“I saw my time [at Middlebury] as the ultimate reward freedom can give a person. We were taught to think for ourselves, be free to learn, adventure, and be creative in a safe and comfortable environment. These freedoms, in my opinion, were worth protecting.”
Why did you decide to pursue national service and the military?
My father served in the New Hampshire Army National Guard for 28 years and he always instilled in us love of country and service to country. I always knew I would serve because I admired his service.
How did your Middlebury liberal arts education factor into the approach you took to your military service?
Middlebury was a wonderful preamble for service. I saw my time there as the ultimate reward freedom can give a person. We were taught to think for ourselves, be free to learn, adventure, and be creative in a safe and comfortable environment. These freedoms, in my opinion, were worth protecting.
Middlebury has an ethic of service to a community. What do you want to tell others about serving your community or your country through military service?
There is no greater honor than to serve your country other than to serve your God. The United States of America provides us freedom to live, freedom to think, and freedom to exist in any capacity we choose. Those brave enough to serve and fight for these freedoms should be proud and honored. I was truly blessed to be educated by the U.S. Army and to be able to serve side-by-side with some of the most intelligent, selfless, and hard-working people in the nation.
How did your experiences at Middlebury and with military service factor into upcoming opportunities or pursuits?
I am a board-certified anesthesiologist and I now practice as a civilian in my community currently. I trained in the Army and served 14 years on active duty. I owe not only the Army instruction but every patient I had both in combat and stateside for helping me to become the physician I am today. I work hard every day in my civilian practice to maintain my core values and leadership the Army taught me.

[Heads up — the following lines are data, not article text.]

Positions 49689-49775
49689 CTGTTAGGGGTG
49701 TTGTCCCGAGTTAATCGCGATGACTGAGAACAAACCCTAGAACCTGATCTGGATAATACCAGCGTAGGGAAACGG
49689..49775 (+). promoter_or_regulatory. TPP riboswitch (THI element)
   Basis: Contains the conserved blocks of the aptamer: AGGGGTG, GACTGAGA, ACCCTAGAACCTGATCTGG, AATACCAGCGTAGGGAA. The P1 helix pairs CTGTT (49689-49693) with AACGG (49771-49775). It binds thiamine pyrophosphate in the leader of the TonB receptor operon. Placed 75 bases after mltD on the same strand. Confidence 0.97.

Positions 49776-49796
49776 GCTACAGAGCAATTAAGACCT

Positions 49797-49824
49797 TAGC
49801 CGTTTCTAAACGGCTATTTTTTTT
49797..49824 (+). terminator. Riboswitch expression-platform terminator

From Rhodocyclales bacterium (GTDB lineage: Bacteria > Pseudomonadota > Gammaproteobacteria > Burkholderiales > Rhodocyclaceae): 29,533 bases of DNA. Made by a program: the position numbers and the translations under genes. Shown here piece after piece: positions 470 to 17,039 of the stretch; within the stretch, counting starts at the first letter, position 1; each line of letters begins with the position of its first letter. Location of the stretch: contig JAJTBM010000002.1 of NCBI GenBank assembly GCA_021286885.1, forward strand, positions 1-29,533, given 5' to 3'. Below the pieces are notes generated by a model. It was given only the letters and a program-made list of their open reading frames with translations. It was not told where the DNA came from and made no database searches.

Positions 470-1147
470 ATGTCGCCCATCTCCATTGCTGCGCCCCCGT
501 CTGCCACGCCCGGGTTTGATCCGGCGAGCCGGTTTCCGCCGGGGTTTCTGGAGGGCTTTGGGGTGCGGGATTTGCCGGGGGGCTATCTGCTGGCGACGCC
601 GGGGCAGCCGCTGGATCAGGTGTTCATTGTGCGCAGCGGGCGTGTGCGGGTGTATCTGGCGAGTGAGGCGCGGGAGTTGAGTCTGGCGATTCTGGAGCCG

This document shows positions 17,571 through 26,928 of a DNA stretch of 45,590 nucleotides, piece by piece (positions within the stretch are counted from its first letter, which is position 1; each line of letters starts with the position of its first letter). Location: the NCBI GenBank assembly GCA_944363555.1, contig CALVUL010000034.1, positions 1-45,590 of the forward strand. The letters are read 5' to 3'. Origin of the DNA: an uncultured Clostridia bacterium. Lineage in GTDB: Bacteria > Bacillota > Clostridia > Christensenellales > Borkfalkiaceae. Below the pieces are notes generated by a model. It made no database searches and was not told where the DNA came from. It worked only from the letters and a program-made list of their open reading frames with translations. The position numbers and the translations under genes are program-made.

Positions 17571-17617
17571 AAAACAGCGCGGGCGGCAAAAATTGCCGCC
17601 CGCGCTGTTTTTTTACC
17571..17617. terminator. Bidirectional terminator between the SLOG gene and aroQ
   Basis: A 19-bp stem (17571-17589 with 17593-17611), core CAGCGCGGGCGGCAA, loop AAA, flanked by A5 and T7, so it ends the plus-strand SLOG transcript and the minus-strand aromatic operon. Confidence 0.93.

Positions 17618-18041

What advice would you give to others who may be considering military service?
Go into the military for the right reasons. Don’t take a scholarship or a sign-on bonus as a means of financial gain, but rather join with an open heart and attitude. If you open yourself up to the education and the experience, you will gain far more than money.
Is there anything else you would like to share about your experience as a service member or veteran at Middlebury?
When I was serving in Baghdad, I had a young soldier come to the aid station prior to a mission. He begged me to let him miss the mission because he had a sprained finger. I was stern and denied his request. He was insistent he wasn’t fit for the mission. His finger was fine. I sent him out. Within five minutes of leaving the FOB the vehicle he was in hit an IED and he was brought back to me at the aid station deceased. It was one of the most devastating losses I’ve ever had in medicine. I see and have a lot of death as an anesthesiologist, but his death really got to me. I wasn’t my best. I wasn’t the best to him. I wasn’t as caring or compassionate as I could have been. I think to myself as a mother now that I wouldn’t have wanted his last words to have been unkind or uncaring. When he came back to me and I declared him deceased, I apologized, and I promised to always be better. And I am. I am better EVERY SINGLE DAY AND EVERY SINGLE PATIENT. I learned a lot that day. I work very hard for every patient, every procedure, to let them know that no matter how small the issue that it is the biggest issue to me and for us as a patient/doctor to face together. I truly try to engage each person with compassion and respect so that no matter what the outcome may be that they know they are valued.